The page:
NKR does not have members like a breed association. NKR is a registry and pedigree-tracking service that serves clients on a for-fee basis. Clients pay a $25 maintenance fee annually for tracking and storing their information in the NKR database. Clients are eligible to participate in special sales and educational programs sponsored by the National Kiko Registry and its affiliates. Clients can place free classified ads on the NKR website and can be listed in the website’s Breeders Directory. This directory is published each year in the May Kiko Edition of the Goat Rancher magazine.
No. To register a kid with NKR, simply send copies of the sire’s and dam’s registration certificates from an approved organization, along with the animal application form and correct fees. NKR accepts all registration certificates from national or international registration organizations.
No, we will give the transferred goat an NKR registration number, but the numbers in its pedigree will not change. NKR is a seamless registry service available to all Kiko breeders, whether individuals or association members. This practice of retaining original registration numbers began when the American Boer Goat Association used South African registration numbers in the pedigrees of its goats. This practice continued when the International Boer Goat Association and the U.S. Boer Goat Association were formed. It is common today for a Boer goat certificate to have pedigree numbers from several associations. It is likely that some NKR pedigrees may contain registration numbers from several registries.
No. The decision on whether to DNA test goats or not is strictly the breeder’s. However, breeders who can document the parentage of their livestock through DNA testing can generally command a higher price for their animals. As a management and marketing tool, the NKR highly recommends DNA verification for 100% New Zealands or any animals the breeder so chooses.
The NKR presumes the honesty and integrity of its clients. A completely filled out registration application is all that is required. For the protection of breeders, buyers, and sellers, a paper trail of sire service, semen collection, AI, and embryo transfer technician memos can be maintained by the parties involved. These are contracts between individuals and are not the responsibility of the registering service. To avoid any possible conflicts, however, NKR recommends DNA parent verification in all AI and embryo transfer programs.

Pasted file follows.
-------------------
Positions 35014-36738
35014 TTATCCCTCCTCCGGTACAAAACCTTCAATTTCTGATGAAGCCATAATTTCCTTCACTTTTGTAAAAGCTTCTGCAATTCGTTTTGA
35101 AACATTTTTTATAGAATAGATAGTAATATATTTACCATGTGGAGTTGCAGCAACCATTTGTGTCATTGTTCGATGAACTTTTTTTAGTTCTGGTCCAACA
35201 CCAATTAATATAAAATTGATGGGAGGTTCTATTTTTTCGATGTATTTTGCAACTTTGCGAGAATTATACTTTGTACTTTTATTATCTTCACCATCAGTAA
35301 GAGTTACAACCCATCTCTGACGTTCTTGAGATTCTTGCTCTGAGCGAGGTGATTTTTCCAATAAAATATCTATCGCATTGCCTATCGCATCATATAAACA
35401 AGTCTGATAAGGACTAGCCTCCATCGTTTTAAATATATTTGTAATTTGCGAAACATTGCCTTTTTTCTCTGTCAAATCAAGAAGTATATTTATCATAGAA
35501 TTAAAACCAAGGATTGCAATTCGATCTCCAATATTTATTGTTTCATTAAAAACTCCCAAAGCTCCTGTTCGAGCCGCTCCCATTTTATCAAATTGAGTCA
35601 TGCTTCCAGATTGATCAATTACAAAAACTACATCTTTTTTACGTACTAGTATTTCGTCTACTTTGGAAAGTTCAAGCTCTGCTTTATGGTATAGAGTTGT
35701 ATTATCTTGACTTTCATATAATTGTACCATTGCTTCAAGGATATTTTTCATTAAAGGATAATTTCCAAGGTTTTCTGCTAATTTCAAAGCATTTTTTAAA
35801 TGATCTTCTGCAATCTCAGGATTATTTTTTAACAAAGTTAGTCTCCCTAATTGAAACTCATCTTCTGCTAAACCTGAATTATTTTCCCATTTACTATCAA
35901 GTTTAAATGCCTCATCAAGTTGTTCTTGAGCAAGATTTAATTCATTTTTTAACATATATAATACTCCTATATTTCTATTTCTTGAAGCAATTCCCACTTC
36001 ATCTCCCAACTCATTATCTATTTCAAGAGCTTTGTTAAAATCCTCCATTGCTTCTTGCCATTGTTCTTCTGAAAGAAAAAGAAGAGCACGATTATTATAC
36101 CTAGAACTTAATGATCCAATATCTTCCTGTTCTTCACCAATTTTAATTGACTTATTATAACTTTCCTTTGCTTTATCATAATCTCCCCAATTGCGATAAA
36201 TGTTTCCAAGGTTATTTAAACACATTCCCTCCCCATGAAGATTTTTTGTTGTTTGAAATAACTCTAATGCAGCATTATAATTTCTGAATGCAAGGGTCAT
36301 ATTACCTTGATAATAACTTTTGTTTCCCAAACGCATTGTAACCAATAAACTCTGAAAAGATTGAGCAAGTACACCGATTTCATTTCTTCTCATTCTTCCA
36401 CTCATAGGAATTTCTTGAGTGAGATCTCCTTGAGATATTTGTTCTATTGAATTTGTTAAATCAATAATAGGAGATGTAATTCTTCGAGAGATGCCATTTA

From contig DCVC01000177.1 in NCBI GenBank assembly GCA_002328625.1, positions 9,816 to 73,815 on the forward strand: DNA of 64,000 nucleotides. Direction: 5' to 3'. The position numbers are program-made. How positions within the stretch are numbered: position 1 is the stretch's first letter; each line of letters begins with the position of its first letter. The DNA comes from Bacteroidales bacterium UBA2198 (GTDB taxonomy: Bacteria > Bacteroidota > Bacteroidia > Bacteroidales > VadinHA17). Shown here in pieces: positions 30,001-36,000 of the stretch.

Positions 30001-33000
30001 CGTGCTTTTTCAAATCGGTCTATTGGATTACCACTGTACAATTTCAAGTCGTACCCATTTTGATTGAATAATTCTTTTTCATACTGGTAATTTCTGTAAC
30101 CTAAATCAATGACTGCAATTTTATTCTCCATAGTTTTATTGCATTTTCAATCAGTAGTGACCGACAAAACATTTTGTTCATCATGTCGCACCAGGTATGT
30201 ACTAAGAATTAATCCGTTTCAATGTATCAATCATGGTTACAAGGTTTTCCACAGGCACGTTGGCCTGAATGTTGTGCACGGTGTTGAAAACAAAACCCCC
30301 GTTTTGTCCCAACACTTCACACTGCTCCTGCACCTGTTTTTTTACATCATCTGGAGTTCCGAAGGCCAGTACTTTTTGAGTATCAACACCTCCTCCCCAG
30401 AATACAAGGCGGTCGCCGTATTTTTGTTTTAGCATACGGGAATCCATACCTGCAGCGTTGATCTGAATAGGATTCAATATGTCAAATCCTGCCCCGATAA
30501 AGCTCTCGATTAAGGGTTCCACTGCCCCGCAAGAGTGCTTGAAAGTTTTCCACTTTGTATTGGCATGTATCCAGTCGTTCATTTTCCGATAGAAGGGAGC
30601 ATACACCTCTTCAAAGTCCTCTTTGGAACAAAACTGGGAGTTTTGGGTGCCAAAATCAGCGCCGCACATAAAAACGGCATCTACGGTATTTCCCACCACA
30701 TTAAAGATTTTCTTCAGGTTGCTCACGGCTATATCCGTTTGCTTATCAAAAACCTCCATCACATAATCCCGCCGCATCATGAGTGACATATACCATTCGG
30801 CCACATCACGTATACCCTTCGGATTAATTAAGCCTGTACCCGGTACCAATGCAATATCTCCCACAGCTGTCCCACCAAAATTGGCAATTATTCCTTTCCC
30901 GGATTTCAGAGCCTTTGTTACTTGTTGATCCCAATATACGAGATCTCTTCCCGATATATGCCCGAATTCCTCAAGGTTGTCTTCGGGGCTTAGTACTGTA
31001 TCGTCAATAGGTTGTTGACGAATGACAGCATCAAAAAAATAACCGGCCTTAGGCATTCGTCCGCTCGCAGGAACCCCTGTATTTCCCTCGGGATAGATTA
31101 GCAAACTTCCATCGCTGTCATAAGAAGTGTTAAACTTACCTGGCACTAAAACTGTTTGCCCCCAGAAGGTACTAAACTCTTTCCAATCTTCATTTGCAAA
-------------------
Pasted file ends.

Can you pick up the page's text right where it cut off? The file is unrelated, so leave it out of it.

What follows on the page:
No amount of policing from a registry organization has ever been able to weed out bad apples. Only through diligence by the buying public is unethical behavior exposed. NKR’s policy is to let the marketplace expose unscrupulous breeders and allow all others to conduct their business as they see fit. The NKR is a privately run business and can cease business at any time with any client proven to have committed fraud.
VGL is the Veterinary Genetics Lab at the University of California-Davis, the premier genetics testing service in the U.S. This is the company that performs DNA testing for a variety of species, breeds, associations, and individuals, including all of the U.S. Kiko registries, including NKR. When a breeder has a goat DNA tested, it is issued a VGL or file number.
The VGL number will be needed if the breeder wants to compare the animal’s DNA to another animal’s DNA to confirm parentage. Depending on whether the sire and dam both have VGL numbers, it is possible to have a goat sire verified, dam verified or parentage verified.
A breeder can begin a herd’s parent-verification process at any time. Simply download a DNA Request Form off our website and follow instructions for submitting genetic material for testing. The first generation of goats will be genotyped; future offspring can then be DNA-tested and parentage verified. The NKR registration certificate will have the animal’s VGL number printed on it for easy access if the breeder wants to transfer the goat to another registry. Unlike other Kiko registries, the National Kiko Registry gives full ownership of a goat’s DNA information to the goat’s owner. No other Kiko registry grants this right to its breeders.